In §4, we have shown the self-similarity of the time evolving crack shapes. In addition, there is good agreement between the experimental results and the predictions of the scaling laws in the toughness-dominated limit. Similar procedures had been developed by Lai *et al.* [17] for the experiments and scaling laws in the viscous-dominated regime. Now we compare the toughness data [Δ*p*_{f}/Δ*p*_{v}]_{t}≫1, with the viscous data [Δ*p*_{f}/Δ*p*_{v}]_{v}<1.

We plotted the time-dependent crack radius *R*(*t*) from experiments in both the viscous and toughness regimes, both rescaled by the toughness scaling laws, as shown in figure 6. We observe that the functional forms of the viscous and toughness scaling laws are very similar in terms of time dependence (*t*^{4/9} and *t*^{2/5}, respectively), and the dependence on *μ*,*E* and *Q* shows modest differences (table 2). Given these similarities in the functional forms, within the parameter limits of our experimental system the toughness scaling law seems to collapse the experimental data in both the viscous and toughness regimes.

Another important issue is that the pre-factors in the power-law forms are different between our experimental data in the viscous and toughness regimes. In particular, for experimental data in the toughness limit, the pre-factor is *k*=1.14±0.35, as shown by the solid line in figure 6. By contrast, for experimental data in the viscous regime, the pre-factor is *k*=0.7±0.14, as shown by the dashed line in figure 6.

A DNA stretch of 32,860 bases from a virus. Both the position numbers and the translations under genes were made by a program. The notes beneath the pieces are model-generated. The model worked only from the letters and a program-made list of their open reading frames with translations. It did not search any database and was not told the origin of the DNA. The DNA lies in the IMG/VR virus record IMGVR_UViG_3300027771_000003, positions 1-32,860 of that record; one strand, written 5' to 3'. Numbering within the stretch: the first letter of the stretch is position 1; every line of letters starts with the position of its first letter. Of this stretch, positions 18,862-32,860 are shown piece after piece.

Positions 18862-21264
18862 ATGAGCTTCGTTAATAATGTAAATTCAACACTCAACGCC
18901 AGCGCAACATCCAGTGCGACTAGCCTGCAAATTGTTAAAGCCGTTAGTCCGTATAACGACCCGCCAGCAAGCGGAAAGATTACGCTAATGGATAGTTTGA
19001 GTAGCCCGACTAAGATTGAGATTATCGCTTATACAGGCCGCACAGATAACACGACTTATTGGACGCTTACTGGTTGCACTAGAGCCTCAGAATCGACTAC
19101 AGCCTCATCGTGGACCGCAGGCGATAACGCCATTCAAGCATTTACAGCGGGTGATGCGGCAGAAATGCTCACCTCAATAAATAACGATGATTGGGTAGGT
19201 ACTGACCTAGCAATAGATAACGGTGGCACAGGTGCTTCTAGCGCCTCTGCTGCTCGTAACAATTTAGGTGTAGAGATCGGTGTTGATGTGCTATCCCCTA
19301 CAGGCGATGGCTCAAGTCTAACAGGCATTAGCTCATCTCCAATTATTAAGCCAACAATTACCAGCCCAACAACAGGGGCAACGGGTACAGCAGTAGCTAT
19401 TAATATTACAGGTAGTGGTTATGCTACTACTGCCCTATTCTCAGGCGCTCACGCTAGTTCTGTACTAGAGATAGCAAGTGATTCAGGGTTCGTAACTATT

However, an experiment in the viscous limit with an extremely small pressure ratio will do less well in collapsing the viscous data in figure 6, when rescaled by the toughness scaling law. This feature is because the crack radius predicted by the viscous and toughness scaling laws, denoted by *R*_{v} and *R*_{t}, respectively, vary with the pressure ratio according to
5.1though the exponent is small. An improper choice of scaling laws will give a larger discrepancy between the theoretical and experimental results when the pressure ratio is very different from unity. For example, consider a model hydraulic fracturing system where the typical Young’s modulus of shale *E*=40 GPa, fracture toughness *K*_{Ic}=0.5 MPa m^{−1/2}, Poisson’s ratio *σ*=0.25, fracturing liquid viscosity *μ*=0.5 Pa s and constant injection flow rate *Q*=0.08 m^{3} s^{−1}. About 1 h after the fracture grows, the system is in the viscous regime as the pressure ratio is [Δ*p*_{f}/Δ*p*_{v}]_{v}≈0.03. If we use the toughness scaling, we predict the crack size to be approximately 260 m long, while the viscous scaling predicts only 95 m. Thus, choosing the appropriate scaling law is essential to provide a good estimate for the dynamics of crack propagation.

## 6. Conclusion